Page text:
MW: White-facing it.

JR: Right, so people are talking about it a lot more, and if you’re not actively fighting against it, you’re possibly letting it happen.      

Please send questions, comments or tips to Michael Workman at michael.workman1@gmail.com. Each Spring and Fall, as a corollary to the Movement Matters column, we also present a series of symposia and performances at different locations throughout the city based on topics developed out of and indexed from both the columns and live discussions.

 

Michael Workman

Michael Workman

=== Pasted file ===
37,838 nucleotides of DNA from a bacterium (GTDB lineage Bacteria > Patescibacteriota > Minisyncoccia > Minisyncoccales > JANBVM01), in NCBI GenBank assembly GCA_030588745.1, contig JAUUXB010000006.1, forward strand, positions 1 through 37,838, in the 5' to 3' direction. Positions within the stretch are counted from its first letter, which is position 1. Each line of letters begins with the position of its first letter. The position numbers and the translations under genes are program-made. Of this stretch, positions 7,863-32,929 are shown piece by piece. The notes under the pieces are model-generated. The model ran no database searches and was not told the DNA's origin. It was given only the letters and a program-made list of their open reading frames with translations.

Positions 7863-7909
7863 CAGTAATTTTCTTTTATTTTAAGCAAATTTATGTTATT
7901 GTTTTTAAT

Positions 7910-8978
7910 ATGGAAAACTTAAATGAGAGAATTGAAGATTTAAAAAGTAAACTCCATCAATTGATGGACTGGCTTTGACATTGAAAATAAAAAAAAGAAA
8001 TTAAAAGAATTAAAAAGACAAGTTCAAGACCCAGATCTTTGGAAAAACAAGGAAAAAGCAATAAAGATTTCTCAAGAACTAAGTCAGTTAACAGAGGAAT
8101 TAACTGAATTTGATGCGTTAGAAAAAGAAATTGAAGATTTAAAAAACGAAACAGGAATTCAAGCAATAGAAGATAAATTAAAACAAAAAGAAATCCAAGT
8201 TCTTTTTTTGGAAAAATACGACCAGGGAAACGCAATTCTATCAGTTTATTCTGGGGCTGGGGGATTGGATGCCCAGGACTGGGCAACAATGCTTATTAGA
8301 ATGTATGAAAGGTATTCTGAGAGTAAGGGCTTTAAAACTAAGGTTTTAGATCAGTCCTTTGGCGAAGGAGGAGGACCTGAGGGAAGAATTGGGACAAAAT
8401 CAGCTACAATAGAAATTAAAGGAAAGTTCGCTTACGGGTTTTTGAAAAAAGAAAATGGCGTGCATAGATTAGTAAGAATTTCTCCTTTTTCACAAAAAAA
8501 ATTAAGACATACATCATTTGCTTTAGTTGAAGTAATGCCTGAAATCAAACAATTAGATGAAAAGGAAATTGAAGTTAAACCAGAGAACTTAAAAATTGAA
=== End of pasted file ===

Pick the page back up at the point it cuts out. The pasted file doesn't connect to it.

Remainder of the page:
Michael Workman is an artist, writer, dance, performance art and sociocultural critic, choreographer, and curator of numerous art, literary and theatrical productions. In addition to his work at The Chicago Tribune, Guardian US, Newcity, Sixty and elsewhere, Workman has also served as a reporter for WBEZ Chicago Public Radio, and as Chicago correspondent for Italian art magazine Flash Art. He is also Director of Bridge, a Chicago-based 501 (c) (3) publishing and programming organization.